The Shelfman









He was a shelfman. Life was in neat boxes and tidy rows, everything was organised and well kept. Everything had to be, because she was here in his home, amongst all his things, amongst a smile and paperwork that was usually unfinished. He'd done the dishes this morning, first thing, 50 clock. It was before she woke up, and he'd even baked the lemon sponge cake she enjoyed so much. Though her face was round once more, he ached for the simplicity that came with being their team. There was an ease which came with Joyce, a flow, routine even, that didn't happen with the other women he dated. Though not as striking, she was beautiful to him, and warm like a mug of hot soup, she warmed his insides out. She made him not afraid to Love again. " Happy 64th Harry,"
"and a merry one it'll be ," he toasted with the glass of cider. His Irish stronger on the it'll. He smiled a broad smile, and waited for her to lean in and give him the kiss required.Glory Temple had been his High School Crush, he'd wait by the Bike sheds watch as she dropped books and pens, she was a clumsy one. In that blue uniform, with the pink knee high socks and the pig tails she was a sight for Sore eyes, and she was always a sight for him. He'd run fingers through thick curly hair, pose as she took air strides towards the black Gates of St Mary's.  His first conversation had been a "you've dropped your pencil by the way," at that she nodded stubbornly, fixing the broad glasses on her nostrils. She would only reply polite thank you's and walk by with royal finnese. She was his Glory he'd decided, as soon as he turned fifteen and was at the Bike Sheds again. He was a shelfman, his father had been a Shelfman, his father before him had been a Shelfman, no one outside their family knew what a Shelfman was. His father had told him, we are the Gatekeepers of every generation, we covet our women, and treat them with respect always, we are the tidy men. Everything is neatly organised, we bring structure to every conversation. Glory had mused at him when after much anticipation, a jitterbug he was, he stood before the gates of St  Mary's a rose in hand.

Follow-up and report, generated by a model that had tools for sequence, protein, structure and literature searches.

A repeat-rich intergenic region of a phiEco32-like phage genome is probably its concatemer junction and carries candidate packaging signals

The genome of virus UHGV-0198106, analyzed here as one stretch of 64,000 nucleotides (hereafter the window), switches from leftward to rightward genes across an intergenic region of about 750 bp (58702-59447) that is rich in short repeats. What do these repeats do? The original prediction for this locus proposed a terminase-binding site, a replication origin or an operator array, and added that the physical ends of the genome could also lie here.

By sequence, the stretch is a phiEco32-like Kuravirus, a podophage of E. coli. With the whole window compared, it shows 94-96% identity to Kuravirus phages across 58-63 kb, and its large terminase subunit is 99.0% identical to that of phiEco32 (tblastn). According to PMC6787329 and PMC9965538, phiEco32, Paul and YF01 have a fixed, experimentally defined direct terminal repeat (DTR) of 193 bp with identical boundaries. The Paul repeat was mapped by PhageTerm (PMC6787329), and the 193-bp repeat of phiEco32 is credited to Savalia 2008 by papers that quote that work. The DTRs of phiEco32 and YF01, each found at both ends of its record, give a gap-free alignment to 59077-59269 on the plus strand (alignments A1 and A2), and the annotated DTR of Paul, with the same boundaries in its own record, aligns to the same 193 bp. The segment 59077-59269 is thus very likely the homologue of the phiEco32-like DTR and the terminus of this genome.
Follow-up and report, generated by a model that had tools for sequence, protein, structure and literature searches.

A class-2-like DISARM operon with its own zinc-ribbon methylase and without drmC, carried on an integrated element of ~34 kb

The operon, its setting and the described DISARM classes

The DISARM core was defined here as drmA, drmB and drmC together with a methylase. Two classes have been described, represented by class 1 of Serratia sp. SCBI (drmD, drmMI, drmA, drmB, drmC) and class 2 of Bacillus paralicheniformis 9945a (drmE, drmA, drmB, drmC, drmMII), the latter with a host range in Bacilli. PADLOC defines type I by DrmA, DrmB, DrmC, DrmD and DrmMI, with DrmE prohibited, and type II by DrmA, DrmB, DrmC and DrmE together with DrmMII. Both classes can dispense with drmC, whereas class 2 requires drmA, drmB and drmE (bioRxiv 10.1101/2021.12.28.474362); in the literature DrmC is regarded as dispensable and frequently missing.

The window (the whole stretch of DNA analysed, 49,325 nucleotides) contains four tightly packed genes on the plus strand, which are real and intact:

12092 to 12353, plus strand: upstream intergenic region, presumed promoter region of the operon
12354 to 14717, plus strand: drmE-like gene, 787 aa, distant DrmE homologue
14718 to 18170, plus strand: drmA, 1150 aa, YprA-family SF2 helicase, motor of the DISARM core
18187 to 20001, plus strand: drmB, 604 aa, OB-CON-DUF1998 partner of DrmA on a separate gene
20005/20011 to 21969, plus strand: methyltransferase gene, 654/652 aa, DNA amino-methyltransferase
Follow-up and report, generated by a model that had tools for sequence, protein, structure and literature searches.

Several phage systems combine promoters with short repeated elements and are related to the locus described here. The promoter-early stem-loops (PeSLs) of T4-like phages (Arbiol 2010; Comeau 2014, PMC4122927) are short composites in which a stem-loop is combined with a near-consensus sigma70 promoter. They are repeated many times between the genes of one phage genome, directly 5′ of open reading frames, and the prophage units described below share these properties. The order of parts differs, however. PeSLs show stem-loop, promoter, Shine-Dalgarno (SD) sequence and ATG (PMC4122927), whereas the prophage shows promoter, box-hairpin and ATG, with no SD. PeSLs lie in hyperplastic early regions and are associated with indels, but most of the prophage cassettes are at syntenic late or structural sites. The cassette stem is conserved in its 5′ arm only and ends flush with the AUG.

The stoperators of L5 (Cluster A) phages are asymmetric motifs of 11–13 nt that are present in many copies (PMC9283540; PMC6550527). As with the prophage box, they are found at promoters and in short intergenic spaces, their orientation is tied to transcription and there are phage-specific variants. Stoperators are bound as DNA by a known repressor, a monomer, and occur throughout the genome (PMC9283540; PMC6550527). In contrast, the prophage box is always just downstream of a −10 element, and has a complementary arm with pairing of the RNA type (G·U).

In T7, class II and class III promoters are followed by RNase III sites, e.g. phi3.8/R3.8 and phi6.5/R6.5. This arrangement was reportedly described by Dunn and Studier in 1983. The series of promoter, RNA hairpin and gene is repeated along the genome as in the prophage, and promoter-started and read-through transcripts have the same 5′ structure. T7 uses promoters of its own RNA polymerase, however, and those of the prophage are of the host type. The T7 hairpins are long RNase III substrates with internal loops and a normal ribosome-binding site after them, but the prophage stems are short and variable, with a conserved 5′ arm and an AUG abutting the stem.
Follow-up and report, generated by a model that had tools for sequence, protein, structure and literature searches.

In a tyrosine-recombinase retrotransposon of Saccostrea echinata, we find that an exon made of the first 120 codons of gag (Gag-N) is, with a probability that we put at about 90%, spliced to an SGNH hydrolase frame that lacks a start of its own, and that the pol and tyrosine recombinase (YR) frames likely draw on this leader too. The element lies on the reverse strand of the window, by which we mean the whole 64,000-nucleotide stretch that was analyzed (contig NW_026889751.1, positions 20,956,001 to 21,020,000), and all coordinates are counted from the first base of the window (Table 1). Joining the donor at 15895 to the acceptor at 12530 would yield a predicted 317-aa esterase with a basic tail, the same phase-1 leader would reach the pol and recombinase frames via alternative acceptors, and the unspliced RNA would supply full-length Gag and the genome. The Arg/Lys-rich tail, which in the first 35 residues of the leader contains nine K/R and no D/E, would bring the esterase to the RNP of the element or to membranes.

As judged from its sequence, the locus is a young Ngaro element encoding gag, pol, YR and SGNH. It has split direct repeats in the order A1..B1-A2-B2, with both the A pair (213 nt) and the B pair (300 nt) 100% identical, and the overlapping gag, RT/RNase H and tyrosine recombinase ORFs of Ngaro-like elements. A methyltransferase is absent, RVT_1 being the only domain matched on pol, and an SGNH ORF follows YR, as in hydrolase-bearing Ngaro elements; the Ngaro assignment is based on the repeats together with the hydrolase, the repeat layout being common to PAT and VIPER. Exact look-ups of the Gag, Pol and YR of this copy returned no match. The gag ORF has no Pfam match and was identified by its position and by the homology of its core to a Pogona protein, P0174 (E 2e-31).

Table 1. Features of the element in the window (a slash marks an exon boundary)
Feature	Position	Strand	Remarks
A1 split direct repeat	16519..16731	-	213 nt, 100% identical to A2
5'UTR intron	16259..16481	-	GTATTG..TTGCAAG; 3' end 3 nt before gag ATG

"Your friend Mary told me you like Yellow Roses, " she smiled sweetly. He liked that she didn't coo.
" Thankyou," she spoke, " There's a Cafe they serve really nice pie and Mash," he made a hell of an impression. Yellow roses and then Pie and Mash. The two seemed to contradict, the flowers made her think of chocolates, violin's and harps, whilst pie and Mash made her think of a Chef's gut. The flowers were taken, sniffed as though they had a poison attached to them. Then Harry stood frozen as a kiss was planted on his soft cheek. It had been 46 years of on and off, and on again since that blessed day. Since a kiss led him to think of words such as this. When she'd probed him about the concept of Marriage, he'd said with ease, " i'll just be putting some shelves up." underneath is where the ring was found.





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